Keen wins lawn school spelling bee
Tuesday night, top spellers from all grades at Lawn Avenue School sparred for the sole position of representing the island at the annual state spelling competition next month. The prize went to Sydney Keen, eighth grade participant and school-wide spelling champion for 2008.
Keen won the privilege to take the school to the Rhode Island Spelling Bee Championship at Lincoln Middle School on March 15. "Last year I was supposed to be here, but I had shingles," Keen said through her smiles. Her talent shined as she completed spelling of "expertise." She continued to triumph through the event, and succeeded in delivering spellings of the winning words, "irresponsible" and "counterfeit."
Faith Chadwick, in sixth grade, already known for her sleek spelling style displayed last year, was named runner up. The final faceoff between the two girls lasted three rounds, and Chadwick proved to be tough competition to beat. Chadwick, who came close to the final rounds last year, will be the alternate for the state playoffs.
Principal Kathy Almanzor introduced the 12 players and the officials of the evening. Three top spellers in grades five through eight sat facing the audience in rows on stage. Fifth grade contestants were Emily Brewer, who hung in the competition longer than most, Michael Pratt and Hayley Carlisle. Representing sixth grade were Samuel Hollister, Isabel Crabtree and runner-up Chadwick. Seventh grade participants were Nico Rienzo, John Ragland, reigning champ for the last two years, and Andrew McCarthy. Keen led the eighth grade contestants, with Nicholas Fay and Christian Ellerbe.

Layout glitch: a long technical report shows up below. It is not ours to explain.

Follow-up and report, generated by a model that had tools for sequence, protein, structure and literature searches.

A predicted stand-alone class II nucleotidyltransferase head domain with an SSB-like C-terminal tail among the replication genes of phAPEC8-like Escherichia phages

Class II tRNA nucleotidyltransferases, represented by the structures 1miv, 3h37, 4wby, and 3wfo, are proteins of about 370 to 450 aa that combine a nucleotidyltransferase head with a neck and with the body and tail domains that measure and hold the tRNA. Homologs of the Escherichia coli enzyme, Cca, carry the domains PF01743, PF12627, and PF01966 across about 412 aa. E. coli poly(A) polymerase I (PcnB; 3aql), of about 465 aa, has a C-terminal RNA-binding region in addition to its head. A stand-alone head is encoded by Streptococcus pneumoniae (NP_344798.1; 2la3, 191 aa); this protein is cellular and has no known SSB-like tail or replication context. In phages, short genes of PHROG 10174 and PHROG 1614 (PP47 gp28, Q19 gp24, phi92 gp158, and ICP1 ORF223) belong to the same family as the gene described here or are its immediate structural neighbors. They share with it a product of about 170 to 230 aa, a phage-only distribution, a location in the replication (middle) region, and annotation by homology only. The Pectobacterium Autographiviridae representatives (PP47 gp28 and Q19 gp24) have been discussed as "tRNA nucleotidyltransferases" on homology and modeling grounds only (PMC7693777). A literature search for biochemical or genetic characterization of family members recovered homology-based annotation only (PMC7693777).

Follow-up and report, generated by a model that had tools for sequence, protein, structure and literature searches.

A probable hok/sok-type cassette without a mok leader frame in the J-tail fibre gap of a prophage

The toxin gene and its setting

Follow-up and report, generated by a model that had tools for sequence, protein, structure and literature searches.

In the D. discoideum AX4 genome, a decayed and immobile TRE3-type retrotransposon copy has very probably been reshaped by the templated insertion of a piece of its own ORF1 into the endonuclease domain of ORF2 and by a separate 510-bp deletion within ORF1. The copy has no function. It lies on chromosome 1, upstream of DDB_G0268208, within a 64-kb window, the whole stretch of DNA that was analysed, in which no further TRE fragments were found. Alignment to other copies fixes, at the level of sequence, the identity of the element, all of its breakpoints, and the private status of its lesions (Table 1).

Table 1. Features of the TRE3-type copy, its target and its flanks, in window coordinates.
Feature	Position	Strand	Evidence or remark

School committee chairwoman Cathy Kaiser officiated as word pronouncer. Co-principal Carole Melucci joined veteran official Elizabeth Weibust on the judges' panel. Almanzor promised all present that Weibust, who plans to retire in June, will continue to return as a judge official in the future.
As the students began a practice round, Almanzor warned the audience, "No gasps, and no grimaces." The principal explained the rules as some contestants clasped and unclasped their hands, and others rocked in their seat in anticipation.
All contestants survived round one, but began soon to fall. The first contestant to falter came in round two. As rounds gained momentum with more challenging words, students dropped off quickly. Lips of remaining participants were used as chewing targets by the nervous youngsters. Some students scribbled imaginary notes in the air as they searched the ceiling for letters. After round five, Almanzor asked all contestants to, "Take a deep breath."
Words with tricky pronunciations and obscure spellings emerged. Participants were caught off guard with words such as absence, wreckage, doubtful and vicious.
Melucci expressed her pleasure on joining the judges' panel this year. "It takes a lot of patience for the students to do well," she said. Melucci went on to wish Keen luck at the state spelling bee.
Weibust congratulated all for their diligent preparation and wellplayed performance. "There were some tough words," she said, nodding in praise to the contestants.